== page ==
Red Hat build of Node.js 14 brings diagnostic reporting, metering, and more
fetched at December 8, 2020

The latest Red Hat build of Node.js 14 long-term support (LTS) release. This build brings new features such as diagnostic reporting, full-icu internationalization support, and Red Hat OpenShift integration. We’ve also included tech preview features such as the new AsyncLocalStorage class, and we’ve updated our documentation and interactive developer learning scenarios. Keep reading for an overview of what’s new and how to get started with the Red Hat build of Node.js 14.

Get started with the Red Hat build of Node.js 14

If you are using OpenShift, start by importing the latest nodejs-14 image. Assuming you are already logged in via the oc command-line interface (CLI), enter the following in your terminal:

$ oc import-image rhel8/nodejs-14 --from=registry.redhat.io/rhel8/nodejs-14 --confirm

Next, you might want to build a simple nodejs-sample-app in OpenShift, as follows:

$ oc new-app nodejs:14~https://github.com/sclorg/nodejs-ex.git

You can use a Dockerfile to create your own image to package your application:

FROM ubi8/nodejs-14
# Add application sources
ADD app-src .

# Install the dependencies
RUN npm install

# Run script uses standard ways to run the application
CMD npm run -d start

If you want to pull and use one or more Red Hat Enterprise Linux (RHEL) images, enter the following:

$ docker login registry.redhat.io

Username: {REGISTRY-SERVICE-ACCOUNT-USERNAME}
Password: {REGISTRY-SERVICE-ACCOUNT-PASSWORD}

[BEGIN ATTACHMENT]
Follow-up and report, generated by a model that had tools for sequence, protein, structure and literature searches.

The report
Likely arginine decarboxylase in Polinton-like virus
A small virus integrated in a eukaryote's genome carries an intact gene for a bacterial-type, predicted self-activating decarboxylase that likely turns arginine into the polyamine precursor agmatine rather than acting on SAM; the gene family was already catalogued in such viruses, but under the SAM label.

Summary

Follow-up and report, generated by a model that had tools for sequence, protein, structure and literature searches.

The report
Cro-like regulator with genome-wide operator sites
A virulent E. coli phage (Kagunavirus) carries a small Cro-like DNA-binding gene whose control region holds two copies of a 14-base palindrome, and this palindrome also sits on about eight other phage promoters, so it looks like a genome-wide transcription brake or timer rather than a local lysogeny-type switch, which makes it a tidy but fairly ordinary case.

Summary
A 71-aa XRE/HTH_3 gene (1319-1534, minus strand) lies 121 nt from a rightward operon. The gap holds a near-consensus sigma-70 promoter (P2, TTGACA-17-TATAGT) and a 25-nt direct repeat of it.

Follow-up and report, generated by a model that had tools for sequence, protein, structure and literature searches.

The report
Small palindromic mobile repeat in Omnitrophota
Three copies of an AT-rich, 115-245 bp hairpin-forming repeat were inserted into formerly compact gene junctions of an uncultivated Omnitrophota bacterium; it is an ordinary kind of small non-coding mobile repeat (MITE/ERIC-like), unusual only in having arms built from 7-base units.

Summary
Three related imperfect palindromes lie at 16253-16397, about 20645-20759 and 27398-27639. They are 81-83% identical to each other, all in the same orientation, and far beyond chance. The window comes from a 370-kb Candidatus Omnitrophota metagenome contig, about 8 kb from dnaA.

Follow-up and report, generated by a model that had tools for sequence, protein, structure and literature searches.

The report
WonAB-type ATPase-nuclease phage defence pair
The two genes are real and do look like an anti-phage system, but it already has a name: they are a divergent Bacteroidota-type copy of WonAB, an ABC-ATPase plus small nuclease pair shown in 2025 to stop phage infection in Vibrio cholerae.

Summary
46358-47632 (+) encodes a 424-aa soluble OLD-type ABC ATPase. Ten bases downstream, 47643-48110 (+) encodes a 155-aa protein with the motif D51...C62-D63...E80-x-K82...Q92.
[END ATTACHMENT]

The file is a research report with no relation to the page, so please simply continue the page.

Login Succeeded!

$ docker pull registry.redhat.io/rhel8/nodejs-14

Built-in diagnostic reports

If you are running an application in production, you sometimes need to pull diagnostic data from it. Node.js uses first failure data capture (FFDC) technology to capture diagnostic data when the error occurs. As a developer, you can use diagnostic reports to analyze what’s going on and troubleshoot the application landscape.

Previous releases required installing the Node.js reporting module separately. In the Red Hat build of Node.js 14, you can use the diagnostics reporting feature directly in your Node.js runtime. Here is an example of how to directly access diagnostic reports in this Node.js 14 build:

function test() {
    process.report.writeReport();
}

test();
console.log('Ready');

Here’s an example of how to use the command line to dump reports:

$ node --report-uncaught-exception --report-on-signal --report-on-fatalerror app.js

You can generate diagnostic reports for anomalies such as performance issues, memory leaks, high CPU usage, and so on. Reports are in JSON format, making it easy to integrate the results into a broader reporting mechanism.

Full ICU internationalization support

Applications that serve customers across different geographies require internationalization support. Internationalization impacts various aspects of your application, including how data enters the system, the appearance of the user interface, and how the system’s output is used. The Red Hat build of Node.js 14 provides full support for International Components for Unicode (full ICU). Selecting the full-icu option lets you write internationalized applications with a simplicity that’s built into the runtime. For more information about full-icu in Node.js 14, see Internationalization support in the Node.js documentation.

Metering labels for images in Red Hat OpenShift Container Platform

Metering is a Red Hat OpenShift Container Platform tool that enables data analysis and reporting via Structured Query Language (SQL). You can use metering reports to analyze your application’s intricate details while running on OpenShift. With this release, we have added metering labels for Node.js applications running on OpenShift. You can use metering labels to apply the benefits of metering in OpenShift to your own application domain.

For more information, see Metering in the Red Hat OpenShift Container Platform documentation.